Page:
South of the city center is the Queens Quarter, a quiet area for a more laid-back stay. Home to the Queen’s University, this quarter is young and trendy. The easily walkable streets are home to vintage stores, trendy cafés, and plenty of great bars with entertainment like quiz nights and karaoke. Prices here are also great for budget travelers.
If you’re excited to discover the vibrant culture and art scene in Belfast, you’d do well to stay in the Cathedral Quarter. Lying to the north of Central Belfast, this area is home to the city’s incredible cathedral. Cobbled streets are lined with lots of attractions, leading all the way towards the revitalized waterfront area.
The Titanic Quarter is one of the most popular areas to visit in Belfast. This was where the area’s namesake ship was constructed, which would go on to sink a year later in the Northern Atlantic. The area, of course, contains the Maritime Museum where you can learn about the vessel and so much more. The quarter has been the focus of the city’s waterfront regeneration scheme, with museums, attractions, restaurants, bars, and cafés.
Finally, a little bit to the west of the city center is the Gaeltacht Quarter. This is the most convenient area to stay to complete our Belfast troubles walking tour. It was here where most of it took place, an area now filled with powerful murals that depict the events of the war. Despite the dark history, the area also boasts strong feelings of optimism for the city’s future.
What to Eat in Belfast?
The 5 Must-Try Dishes in Belfast
- Ulster Fry
- Irish Stew
- Fresh Seafood
An Ulster Fry is the perfect way to start your day in Belfast. Think of it as Northern Ireland’s answer to the full English breakfast. There’s bacon, sausage, and eggs, but also white and black pudding, soda bread, and potato bread. Add in an ‘Irish coffee,’ and you’ll have no trouble walking across town.
For those blustery days in the city, an Irish Stew will hit the spot and warm you up in no time. Comforting and hearty, it’s a simple dish containing local lamb, potatoes, onions, and carrots. You’ll get bread and butter to mop up what’s left of it at the end of your meal as well. Pair it with a pint of local beer, and you’ll be feeling fantastic.
For something on the go, nothing beats a good old pastie. This delicious morsel is minced meat, potato, and onion, mixed, dipped in batter, and deep-fried. They’re sold at chippers (fish and chip shops) around the city and are a great meal to enjoy after a Belfast self guided walking tour.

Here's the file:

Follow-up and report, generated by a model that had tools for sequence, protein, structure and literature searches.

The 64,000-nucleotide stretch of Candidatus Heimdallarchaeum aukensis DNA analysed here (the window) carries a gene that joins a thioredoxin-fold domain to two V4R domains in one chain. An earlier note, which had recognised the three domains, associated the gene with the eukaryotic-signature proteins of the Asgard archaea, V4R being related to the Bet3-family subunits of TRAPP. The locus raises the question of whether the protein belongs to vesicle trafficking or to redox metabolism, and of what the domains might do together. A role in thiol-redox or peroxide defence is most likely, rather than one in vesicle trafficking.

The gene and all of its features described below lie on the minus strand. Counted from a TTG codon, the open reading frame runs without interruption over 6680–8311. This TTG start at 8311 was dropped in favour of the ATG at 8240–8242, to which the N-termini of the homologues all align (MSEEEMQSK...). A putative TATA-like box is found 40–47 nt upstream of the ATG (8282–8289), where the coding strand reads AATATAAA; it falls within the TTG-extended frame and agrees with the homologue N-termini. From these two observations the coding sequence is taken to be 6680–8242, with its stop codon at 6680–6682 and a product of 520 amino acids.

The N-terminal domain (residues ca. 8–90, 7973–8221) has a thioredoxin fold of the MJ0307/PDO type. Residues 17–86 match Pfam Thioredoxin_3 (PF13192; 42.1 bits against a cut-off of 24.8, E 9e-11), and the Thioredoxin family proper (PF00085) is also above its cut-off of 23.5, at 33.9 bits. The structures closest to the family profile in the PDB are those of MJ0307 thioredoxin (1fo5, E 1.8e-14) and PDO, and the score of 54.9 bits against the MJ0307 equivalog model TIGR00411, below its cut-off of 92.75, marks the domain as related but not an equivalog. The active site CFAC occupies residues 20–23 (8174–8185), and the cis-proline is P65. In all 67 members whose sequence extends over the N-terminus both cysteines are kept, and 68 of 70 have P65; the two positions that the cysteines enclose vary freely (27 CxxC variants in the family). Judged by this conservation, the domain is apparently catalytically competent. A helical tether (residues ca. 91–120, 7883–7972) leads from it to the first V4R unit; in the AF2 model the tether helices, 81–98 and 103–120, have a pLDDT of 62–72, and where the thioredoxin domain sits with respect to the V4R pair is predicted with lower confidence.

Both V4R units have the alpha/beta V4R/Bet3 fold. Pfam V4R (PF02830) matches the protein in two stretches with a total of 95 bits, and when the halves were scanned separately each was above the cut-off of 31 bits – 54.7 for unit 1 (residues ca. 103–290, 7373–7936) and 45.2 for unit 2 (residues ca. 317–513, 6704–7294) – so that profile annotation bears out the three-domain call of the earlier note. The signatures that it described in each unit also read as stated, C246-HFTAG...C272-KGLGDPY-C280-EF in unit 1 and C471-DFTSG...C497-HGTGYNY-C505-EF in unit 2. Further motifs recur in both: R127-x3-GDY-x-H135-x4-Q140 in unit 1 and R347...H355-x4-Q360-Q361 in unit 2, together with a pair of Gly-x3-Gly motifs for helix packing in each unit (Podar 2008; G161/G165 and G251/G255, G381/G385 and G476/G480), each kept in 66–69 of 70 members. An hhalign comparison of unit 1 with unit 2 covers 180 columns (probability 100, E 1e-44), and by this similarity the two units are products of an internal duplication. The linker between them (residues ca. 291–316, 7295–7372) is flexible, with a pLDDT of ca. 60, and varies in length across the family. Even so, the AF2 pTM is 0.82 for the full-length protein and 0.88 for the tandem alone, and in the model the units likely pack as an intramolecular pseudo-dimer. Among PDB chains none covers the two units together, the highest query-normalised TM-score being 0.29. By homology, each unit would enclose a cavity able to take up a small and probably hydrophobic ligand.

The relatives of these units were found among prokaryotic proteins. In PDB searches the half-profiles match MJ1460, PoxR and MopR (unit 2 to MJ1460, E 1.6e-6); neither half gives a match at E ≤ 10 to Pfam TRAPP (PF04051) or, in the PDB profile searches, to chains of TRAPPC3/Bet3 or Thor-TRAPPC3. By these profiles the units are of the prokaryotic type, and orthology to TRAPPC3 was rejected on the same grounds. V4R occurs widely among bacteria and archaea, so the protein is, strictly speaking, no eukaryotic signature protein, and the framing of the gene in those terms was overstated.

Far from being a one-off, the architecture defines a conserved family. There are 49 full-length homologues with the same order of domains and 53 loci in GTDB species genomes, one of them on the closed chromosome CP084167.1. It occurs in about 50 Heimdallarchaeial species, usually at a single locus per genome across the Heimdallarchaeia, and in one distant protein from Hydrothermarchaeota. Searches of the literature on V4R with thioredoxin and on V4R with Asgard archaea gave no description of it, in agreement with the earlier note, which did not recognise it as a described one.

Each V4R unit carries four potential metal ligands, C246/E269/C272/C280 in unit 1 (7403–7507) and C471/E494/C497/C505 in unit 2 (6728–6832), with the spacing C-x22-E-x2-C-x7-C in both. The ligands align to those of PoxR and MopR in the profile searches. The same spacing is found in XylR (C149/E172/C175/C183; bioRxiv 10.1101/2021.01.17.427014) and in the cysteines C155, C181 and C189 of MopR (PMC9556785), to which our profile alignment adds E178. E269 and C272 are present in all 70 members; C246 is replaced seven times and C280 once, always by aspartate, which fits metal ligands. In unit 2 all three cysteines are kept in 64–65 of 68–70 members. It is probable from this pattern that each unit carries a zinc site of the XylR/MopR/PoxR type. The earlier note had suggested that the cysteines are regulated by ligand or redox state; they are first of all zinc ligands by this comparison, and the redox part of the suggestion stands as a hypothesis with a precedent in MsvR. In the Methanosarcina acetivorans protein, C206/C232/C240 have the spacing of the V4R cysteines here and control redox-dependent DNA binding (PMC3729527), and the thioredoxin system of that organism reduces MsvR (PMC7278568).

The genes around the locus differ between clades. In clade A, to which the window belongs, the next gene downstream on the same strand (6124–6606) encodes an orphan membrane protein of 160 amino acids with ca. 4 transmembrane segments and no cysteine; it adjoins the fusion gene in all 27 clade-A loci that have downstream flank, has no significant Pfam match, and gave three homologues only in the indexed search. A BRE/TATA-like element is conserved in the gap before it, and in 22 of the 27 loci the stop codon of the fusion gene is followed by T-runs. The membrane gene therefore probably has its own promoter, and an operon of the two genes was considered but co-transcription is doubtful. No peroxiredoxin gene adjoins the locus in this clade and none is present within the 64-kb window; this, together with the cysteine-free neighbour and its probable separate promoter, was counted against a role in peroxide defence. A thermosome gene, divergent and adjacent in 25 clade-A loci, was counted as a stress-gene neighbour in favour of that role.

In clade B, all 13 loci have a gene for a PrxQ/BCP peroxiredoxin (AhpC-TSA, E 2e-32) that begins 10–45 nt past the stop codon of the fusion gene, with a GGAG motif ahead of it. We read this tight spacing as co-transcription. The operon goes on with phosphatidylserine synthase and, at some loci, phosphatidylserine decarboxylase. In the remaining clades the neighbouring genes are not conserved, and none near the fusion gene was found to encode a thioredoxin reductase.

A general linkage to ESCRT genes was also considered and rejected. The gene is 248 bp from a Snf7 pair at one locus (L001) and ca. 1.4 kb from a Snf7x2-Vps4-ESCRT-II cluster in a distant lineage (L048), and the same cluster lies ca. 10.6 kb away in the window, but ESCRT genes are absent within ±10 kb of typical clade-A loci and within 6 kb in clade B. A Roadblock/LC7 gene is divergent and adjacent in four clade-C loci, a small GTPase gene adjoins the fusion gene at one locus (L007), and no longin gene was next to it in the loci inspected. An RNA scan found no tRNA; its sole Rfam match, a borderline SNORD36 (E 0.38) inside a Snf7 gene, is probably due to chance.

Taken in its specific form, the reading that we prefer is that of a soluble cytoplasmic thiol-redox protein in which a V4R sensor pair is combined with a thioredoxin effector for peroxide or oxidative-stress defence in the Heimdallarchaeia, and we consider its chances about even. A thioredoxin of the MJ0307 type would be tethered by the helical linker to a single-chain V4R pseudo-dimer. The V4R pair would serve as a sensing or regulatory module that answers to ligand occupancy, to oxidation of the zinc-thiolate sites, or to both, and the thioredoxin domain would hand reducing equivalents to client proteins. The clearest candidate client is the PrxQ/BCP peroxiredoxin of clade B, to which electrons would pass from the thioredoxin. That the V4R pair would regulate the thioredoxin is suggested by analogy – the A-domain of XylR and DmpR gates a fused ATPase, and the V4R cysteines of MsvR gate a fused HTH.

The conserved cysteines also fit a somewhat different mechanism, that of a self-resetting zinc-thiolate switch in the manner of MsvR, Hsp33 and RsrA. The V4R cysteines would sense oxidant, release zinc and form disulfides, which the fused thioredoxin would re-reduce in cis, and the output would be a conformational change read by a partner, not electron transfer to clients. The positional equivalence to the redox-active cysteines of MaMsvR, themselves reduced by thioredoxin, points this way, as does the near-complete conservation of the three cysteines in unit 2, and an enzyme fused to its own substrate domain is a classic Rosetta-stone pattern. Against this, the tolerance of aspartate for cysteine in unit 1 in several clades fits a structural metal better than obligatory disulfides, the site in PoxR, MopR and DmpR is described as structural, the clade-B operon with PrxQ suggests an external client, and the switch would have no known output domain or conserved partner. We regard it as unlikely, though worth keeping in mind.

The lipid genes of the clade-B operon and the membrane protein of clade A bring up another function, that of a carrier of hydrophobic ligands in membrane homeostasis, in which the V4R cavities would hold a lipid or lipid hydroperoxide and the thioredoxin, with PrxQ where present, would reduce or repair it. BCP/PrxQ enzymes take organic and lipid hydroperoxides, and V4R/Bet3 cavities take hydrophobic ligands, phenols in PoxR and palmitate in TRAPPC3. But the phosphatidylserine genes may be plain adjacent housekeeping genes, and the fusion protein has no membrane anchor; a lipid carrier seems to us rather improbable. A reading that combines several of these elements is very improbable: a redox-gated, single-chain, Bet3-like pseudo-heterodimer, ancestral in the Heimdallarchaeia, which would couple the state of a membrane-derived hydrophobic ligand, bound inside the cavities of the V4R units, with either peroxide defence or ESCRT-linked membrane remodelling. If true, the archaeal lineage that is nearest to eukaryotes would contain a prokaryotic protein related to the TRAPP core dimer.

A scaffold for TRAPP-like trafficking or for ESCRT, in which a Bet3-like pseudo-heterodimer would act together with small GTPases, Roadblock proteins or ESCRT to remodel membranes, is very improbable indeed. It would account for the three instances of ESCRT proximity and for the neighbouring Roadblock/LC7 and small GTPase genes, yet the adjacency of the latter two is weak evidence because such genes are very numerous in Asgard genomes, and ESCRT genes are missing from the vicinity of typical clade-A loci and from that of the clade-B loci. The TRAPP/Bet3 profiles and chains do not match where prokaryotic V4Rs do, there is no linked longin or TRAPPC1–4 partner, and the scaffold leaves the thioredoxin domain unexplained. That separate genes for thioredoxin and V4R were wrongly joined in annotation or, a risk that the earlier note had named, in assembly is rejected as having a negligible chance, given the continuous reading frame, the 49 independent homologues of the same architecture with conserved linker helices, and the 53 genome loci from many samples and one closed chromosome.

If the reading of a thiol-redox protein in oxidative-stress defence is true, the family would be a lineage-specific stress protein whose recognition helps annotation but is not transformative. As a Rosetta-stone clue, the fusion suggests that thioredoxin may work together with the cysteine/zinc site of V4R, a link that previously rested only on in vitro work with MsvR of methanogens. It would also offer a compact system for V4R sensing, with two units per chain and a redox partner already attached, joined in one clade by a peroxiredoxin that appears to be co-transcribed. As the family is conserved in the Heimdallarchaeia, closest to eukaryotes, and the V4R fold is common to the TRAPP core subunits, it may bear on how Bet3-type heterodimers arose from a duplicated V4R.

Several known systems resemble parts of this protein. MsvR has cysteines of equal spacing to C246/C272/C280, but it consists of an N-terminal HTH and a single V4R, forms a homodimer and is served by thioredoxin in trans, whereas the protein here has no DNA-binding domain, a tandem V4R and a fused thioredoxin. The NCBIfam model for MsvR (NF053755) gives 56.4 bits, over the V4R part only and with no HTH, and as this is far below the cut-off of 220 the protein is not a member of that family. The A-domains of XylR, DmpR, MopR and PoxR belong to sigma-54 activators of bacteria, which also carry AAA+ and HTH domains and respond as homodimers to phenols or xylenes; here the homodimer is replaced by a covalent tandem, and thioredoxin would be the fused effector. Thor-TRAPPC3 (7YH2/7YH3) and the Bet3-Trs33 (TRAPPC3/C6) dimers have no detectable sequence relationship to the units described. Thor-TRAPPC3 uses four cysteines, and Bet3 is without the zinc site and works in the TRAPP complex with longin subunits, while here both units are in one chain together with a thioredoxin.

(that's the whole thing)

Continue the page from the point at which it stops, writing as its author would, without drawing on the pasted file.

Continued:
Of course, thanks to its position near the North Atlantic, Belfast is home to an abundance of fresh seafood. From oysters (some say the best in the world) and prawns to king crab and delicious mussels, there’s plenty to love. Not to mention all the fresh fish that flows into the city every day, best enjoyed as the classic dish of fish and chips. To get a closeup of your food before it’s cooked in a restaurant, check it out for sale at St. George’s Market.
Although not a food, enjoying a pint of Guinness while in Northern Ireland is essential. This dark stout beer has become synonymous with the country, a dense and bitter drink with notes of caramel. It’s been around since the late 18th century and is steeped in tradition. For instance, did you know that a proper Guinness should be poured for about 119 seconds? Good things come to those who wait.
The Nightlife in Belfast
Drinking is a big part of Northern Irish culture, and with Belfast slowly coming out of its shell, the city’s nightlife has come into its own. Whether you’re keen to spend a night in a cozy pub or are after a young and trendy cocktail bar, there’s always something to do. The Cathedral Quarter is where it mostly goes down, which is often compared with Temple Bar in Dublin.
Live Music in Belfast
A lot of the drinking venues will also have live music on as well. Whether you’re looking for your next favorite indie group or are just after some covers of a troubadour, Belfast has a wealth of options. Here are some of the best venues for a night of mighty craic:
5 Bars and Venues for Live Music in Belfast
- The Limelight – hosts the biggest touring artists as well as local bands
- Voodoo – for rock, punk, and metal shows
- The Barge – a unique floating venue that hosts live music and comedy
- The Menagerie – craft beers and the best local bands
- Ulster Hall – a historic concert hall with regular classical recitals
Murals of Belfast
While the murals of Belfast display the political history across the city, lately, street art in the city has taken a turn. Contemporary murals often focus now on other troubles around the world, from the Spanish Civil War to the war in Iraq. Wander around the city, and you’ll likely turn up plenty of murals that aren’t included in official Belfast mural tours, all of them taking a powerful message.